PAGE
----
Within decades the successful Arbor Day tradition had spread to other states. It was enthusiastically endorsed by Theodore Roosevelt, who framed tree planting as a kind of nationalistic duty: "A people without children," he wrote, "would face a hopeless future; a country without trees is almost as hopeless."

Drafting Preteens for Tree Planting

Morton was not alone in his arboreal enthusiasms. At the time there were a number of prominent activists specifically devoted to trees -- among them the Doctor of Divinity Birdsey Grant Northrop, who was out preaching the practical and aesthetic virtues of the tree well before Arbor Day. When news of Morton's tree planting day reached the East, Northrop grasped the torch and carried Arbor Day to the next level: schoolchildren. 

It was certainly sensible to recruit young backs and enthusiastic minds for altruistic unpaid labor; Northrop also considered it right and proper to teach our youth the scientific benefits of "arboriculture," since he believed, like Morton and Roosevelt, that the fate of the nation depended on the quality of its groves. After the success of Northrop's tireless advocacy, pointing out the many educational opportunities in tree planting, elementary schoolchildren have arguably constituted the very lifeblood of Arbor Day -- as is the case with so many non-bank holidays.

Arbor Day and the Fate of Civilization

Both Morton and Dr. Northrop were activists under the influence of George Perkins Marsh -- a devastatingly talented Vermonter who had already succeeded as a linguistic scholar (familiar with 20 languages), Congressman, public conservationist, minister to Turkey, and ambassador to the new Kingdom of Italy before publishing his best known work, Man and Nature: Physical Geography as Modified by Human Action, in 1864.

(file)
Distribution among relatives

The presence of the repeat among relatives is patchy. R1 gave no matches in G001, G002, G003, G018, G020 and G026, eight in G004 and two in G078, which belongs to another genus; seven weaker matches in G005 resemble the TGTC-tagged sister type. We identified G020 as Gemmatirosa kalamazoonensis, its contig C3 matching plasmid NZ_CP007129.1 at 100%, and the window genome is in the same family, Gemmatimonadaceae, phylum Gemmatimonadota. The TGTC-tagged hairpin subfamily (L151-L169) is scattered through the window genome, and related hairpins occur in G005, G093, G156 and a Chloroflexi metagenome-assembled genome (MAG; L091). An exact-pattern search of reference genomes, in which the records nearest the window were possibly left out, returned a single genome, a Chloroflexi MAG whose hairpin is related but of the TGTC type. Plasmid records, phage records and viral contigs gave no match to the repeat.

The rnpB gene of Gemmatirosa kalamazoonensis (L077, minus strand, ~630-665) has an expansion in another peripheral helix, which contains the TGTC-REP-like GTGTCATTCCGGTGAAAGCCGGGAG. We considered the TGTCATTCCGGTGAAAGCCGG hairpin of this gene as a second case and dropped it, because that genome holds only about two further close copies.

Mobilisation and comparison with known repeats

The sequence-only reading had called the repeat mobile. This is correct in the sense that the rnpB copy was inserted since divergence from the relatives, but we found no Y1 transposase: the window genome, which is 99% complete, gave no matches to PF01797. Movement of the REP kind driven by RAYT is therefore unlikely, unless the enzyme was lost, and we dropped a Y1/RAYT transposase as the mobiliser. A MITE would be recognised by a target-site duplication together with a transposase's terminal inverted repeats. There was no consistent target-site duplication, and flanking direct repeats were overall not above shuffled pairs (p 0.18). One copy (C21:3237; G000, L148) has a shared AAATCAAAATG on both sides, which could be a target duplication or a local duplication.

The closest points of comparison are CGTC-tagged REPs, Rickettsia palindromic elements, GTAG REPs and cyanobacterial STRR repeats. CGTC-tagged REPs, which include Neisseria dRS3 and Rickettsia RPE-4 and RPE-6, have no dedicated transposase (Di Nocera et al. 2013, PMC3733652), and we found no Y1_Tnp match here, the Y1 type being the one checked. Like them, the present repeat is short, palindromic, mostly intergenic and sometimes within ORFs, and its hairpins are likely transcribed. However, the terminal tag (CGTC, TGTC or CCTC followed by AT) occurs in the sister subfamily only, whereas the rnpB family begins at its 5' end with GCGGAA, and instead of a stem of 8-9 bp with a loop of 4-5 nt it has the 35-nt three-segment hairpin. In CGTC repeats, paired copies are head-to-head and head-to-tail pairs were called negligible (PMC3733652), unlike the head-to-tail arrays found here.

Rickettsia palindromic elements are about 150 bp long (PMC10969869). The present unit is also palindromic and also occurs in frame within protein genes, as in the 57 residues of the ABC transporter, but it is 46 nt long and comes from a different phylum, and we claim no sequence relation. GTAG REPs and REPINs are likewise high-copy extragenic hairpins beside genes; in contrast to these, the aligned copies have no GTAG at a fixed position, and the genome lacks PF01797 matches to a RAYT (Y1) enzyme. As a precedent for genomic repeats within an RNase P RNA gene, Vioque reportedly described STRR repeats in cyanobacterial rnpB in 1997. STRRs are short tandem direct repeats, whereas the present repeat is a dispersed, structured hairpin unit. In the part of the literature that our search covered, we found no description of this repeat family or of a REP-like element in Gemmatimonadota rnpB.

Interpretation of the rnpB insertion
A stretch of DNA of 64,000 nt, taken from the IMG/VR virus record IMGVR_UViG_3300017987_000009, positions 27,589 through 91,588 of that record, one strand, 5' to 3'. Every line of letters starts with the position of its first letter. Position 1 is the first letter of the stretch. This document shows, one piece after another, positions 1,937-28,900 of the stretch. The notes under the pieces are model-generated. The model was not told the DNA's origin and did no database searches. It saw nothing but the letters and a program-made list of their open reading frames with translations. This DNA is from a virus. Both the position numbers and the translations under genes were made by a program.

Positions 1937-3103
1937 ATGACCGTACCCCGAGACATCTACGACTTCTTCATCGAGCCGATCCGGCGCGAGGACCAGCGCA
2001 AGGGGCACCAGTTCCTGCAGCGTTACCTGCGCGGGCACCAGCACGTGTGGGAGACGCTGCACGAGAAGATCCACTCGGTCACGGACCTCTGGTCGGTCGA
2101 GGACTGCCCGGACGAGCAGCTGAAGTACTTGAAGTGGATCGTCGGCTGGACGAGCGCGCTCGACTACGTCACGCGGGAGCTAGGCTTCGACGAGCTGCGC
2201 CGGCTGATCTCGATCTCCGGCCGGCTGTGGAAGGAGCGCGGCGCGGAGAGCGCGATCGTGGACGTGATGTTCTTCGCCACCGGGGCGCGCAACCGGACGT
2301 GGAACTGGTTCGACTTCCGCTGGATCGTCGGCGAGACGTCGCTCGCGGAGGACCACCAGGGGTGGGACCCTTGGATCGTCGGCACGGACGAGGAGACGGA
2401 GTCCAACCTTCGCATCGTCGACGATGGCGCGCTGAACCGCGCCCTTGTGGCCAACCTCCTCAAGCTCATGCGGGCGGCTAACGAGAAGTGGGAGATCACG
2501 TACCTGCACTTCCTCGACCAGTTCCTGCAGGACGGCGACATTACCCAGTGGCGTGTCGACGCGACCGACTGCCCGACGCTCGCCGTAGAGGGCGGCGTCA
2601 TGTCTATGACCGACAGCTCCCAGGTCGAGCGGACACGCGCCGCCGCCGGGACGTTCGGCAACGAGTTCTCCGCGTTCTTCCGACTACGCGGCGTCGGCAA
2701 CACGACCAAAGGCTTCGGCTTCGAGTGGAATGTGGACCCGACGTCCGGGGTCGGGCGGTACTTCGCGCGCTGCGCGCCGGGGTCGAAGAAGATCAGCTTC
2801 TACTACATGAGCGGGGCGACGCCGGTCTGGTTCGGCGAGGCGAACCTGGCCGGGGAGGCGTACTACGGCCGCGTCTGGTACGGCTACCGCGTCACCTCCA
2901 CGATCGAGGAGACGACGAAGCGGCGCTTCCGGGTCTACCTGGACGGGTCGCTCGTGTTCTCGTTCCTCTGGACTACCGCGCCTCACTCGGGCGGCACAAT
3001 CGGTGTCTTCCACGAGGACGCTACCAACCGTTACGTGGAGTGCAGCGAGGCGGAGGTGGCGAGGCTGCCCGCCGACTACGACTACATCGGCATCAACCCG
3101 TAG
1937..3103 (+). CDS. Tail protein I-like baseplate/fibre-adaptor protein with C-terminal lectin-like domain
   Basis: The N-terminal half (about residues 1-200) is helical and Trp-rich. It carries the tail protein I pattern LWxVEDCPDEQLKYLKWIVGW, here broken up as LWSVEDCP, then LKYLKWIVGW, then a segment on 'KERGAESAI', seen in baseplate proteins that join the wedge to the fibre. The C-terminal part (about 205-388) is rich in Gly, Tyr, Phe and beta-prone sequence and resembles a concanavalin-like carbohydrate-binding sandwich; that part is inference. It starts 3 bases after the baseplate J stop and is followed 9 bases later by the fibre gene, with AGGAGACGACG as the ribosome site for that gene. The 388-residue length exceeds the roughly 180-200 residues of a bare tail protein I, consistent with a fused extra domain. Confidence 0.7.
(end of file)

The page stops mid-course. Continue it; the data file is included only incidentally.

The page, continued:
Man and Nature is considered the first book to systematically examine the long-term impact of human practices on the natural environment -- and, in a tone we're all familiar with in the Global Warming Era, Marsh predicted catastrophe. Long before Jared Diamond's bestselling Collapse, Marsh concluded that the fall of the Roman Empire was the result of poor land management techniques. And he feared that America could repeat the error, unless changes were made.

Marsh advocated reforestation as one vital component in a total overhaul of civilization's relation to nature. His work is credited as a foundational text that spread environmentalist sympathies (and the love of trees) beyond the literary Romantics and Transcendentalists and into the political realm. Arbor Day did the same.

This post originally appeared in 2009.

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‘American Gothic’ Became Famous Because Many People Saw It as a Joke
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Wikimedia Commons // Public Domain

In 1930, Iowan artist Grant Wood painted a simple portrait of a farmer and his wife (really his dentist and sister) standing solemnly in front of an all-American farmhouse. American Gothic has since inspired endless parodies and is regarded as one of the country’s most iconic works of art. But when it first came out, few people would have guessed it would become the classic it is today. Vox explains the painting’s unexpected path to fame in the latest installment of the new video series Overrated.